After more than a season of justified doubts among the supporters and pundits, he did not let his confidence or willingness to compete dim, and is now starting to show why United paid Shakhtar Donetsk £53 million ($70m) for his services.

Perhaps it was through a lack of interested parties elsewhere, but there are few players these days who can take sustained criticism and choose to prove themselves, rather than absent themselves or force a transfer.

Still, while Fred undoubtedly deserves his share of the credit for United’s back-to-back wins over Spurs and City, it must also be acknowledged that his and United’s resurgence has coincided with McTominay’s return from injury.

The Scotland international’s inclusion has seen Andreas Pereira dropped to the bench, and allowed an important tactical shift.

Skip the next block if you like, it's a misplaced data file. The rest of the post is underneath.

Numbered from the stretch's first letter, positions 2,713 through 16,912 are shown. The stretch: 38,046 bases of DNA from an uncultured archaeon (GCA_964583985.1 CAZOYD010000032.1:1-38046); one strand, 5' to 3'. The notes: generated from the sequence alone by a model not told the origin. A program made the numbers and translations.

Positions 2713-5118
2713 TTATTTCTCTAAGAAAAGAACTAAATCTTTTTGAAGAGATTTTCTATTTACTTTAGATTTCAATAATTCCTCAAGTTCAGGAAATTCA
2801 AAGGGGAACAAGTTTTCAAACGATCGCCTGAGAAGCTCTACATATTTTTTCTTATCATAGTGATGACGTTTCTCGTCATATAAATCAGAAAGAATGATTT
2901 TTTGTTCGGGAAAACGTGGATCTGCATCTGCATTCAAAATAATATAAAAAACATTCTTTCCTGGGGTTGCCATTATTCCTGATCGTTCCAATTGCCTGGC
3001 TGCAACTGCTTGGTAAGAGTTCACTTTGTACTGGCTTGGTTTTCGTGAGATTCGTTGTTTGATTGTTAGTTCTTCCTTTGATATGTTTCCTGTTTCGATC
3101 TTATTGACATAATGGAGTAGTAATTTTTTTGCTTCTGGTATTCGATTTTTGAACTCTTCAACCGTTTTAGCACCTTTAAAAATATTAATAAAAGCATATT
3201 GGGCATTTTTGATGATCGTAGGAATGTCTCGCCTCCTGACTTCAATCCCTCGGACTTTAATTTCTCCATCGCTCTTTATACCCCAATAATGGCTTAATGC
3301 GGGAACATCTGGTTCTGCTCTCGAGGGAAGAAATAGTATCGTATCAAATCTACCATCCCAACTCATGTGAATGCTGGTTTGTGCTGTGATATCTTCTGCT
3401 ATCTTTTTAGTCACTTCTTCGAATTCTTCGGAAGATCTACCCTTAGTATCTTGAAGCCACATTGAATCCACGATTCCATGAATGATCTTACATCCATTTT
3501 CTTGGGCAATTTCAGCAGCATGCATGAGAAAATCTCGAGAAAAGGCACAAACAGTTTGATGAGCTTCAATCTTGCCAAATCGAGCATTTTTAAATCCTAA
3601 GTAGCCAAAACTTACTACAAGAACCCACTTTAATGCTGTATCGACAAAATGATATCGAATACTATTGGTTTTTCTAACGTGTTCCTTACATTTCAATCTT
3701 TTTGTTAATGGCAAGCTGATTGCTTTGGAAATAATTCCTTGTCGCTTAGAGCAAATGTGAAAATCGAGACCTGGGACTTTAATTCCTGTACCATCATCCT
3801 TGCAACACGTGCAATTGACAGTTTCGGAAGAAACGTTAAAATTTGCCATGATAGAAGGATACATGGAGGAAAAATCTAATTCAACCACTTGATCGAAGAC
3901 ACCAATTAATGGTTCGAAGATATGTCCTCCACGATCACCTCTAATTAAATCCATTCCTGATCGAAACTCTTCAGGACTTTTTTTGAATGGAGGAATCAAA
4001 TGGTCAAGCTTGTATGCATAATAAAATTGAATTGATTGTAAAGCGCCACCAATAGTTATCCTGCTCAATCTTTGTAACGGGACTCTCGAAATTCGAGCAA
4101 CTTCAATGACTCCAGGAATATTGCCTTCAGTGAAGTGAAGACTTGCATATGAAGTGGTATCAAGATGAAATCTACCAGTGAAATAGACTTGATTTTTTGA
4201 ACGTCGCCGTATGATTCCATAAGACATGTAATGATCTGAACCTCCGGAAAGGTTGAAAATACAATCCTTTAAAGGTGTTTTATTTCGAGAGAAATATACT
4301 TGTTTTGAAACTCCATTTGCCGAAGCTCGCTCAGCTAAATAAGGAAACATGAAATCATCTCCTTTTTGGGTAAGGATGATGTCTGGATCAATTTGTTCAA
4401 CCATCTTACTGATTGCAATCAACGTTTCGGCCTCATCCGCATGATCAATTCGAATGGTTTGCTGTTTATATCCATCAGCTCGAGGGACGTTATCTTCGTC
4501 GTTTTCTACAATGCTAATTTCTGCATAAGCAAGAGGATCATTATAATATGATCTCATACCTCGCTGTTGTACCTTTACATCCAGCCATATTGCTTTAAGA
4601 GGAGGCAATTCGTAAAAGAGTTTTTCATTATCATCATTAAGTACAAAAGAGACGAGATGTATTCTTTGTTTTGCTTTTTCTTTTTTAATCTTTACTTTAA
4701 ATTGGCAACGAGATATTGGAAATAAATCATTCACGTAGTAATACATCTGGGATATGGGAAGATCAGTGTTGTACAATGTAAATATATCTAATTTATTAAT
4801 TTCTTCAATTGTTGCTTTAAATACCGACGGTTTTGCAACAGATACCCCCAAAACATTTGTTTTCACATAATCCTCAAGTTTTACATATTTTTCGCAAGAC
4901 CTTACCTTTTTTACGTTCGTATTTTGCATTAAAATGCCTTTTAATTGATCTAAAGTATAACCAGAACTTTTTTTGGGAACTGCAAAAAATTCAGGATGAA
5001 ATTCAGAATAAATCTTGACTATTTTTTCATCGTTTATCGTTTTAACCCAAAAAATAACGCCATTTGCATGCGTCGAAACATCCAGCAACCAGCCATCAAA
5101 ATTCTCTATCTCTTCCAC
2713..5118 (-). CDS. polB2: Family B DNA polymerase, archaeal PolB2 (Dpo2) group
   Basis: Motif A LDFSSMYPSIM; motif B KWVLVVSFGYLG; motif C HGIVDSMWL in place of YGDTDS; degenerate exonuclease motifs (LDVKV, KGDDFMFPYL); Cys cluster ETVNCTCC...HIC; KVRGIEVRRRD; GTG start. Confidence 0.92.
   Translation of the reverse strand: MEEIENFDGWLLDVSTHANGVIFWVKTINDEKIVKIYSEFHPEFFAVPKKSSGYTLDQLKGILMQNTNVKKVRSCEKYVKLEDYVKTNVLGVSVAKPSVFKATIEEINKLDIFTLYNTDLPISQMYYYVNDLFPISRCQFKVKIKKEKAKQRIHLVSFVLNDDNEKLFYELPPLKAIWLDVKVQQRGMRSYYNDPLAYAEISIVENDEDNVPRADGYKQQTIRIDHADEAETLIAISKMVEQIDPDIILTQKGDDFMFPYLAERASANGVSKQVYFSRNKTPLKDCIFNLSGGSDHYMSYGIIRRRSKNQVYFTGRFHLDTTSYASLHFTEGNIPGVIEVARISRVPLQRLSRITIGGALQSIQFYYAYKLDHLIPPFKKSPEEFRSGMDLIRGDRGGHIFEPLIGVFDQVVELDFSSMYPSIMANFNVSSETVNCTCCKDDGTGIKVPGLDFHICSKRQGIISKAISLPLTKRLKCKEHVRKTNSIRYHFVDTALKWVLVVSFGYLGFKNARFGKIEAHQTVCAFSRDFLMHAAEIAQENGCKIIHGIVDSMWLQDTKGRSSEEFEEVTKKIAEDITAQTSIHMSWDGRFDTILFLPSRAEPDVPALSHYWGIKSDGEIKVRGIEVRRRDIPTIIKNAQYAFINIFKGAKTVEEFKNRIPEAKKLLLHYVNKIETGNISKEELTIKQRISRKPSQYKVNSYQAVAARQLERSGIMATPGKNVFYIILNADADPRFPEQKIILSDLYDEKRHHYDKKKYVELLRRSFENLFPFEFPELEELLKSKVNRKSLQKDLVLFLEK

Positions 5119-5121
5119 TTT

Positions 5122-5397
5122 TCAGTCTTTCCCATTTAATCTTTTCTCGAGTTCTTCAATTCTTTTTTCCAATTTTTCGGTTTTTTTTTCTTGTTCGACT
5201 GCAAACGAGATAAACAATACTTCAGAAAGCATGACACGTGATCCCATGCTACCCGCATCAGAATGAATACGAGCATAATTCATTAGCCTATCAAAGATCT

Pereira has his qualities but, for now, they do not outweigh his weaknesses. The occasionally incisive pass or spectacular goal comes in handy, but his relative lack of pace and strength means he is more often a passenger than a driver.

McTominay may not be the fastest player at Ole Gunnar Solskjaer’s disposal, but he provides more power and presence, and retains the ball far better than Pereira. By contributing to ball retention and physical dominance, it has allowed Solskjaer to introduce an extra forward.

Jesse Lingard might not have the talent to justify his widespread media presence but he is nevertheless the kind of player United need right now.

They will need a better attacking midfielder as soon as they can bring one in, of course, but his presence has built on United’s strengths while McTominay helps mitigate problems at the back. Lingard’s pace and direct play adds to the uniform qualities of the side’s attack.

With Lingard tucked in behind Anthony Martial and flanked by Marcus Rashford and Daniel James, and two of Aaron Wan-Bissaka, Luke Shaw and Brandon Williams occupying the full-back berths, there are finally enough pacey players in the starting 11 for it to matter.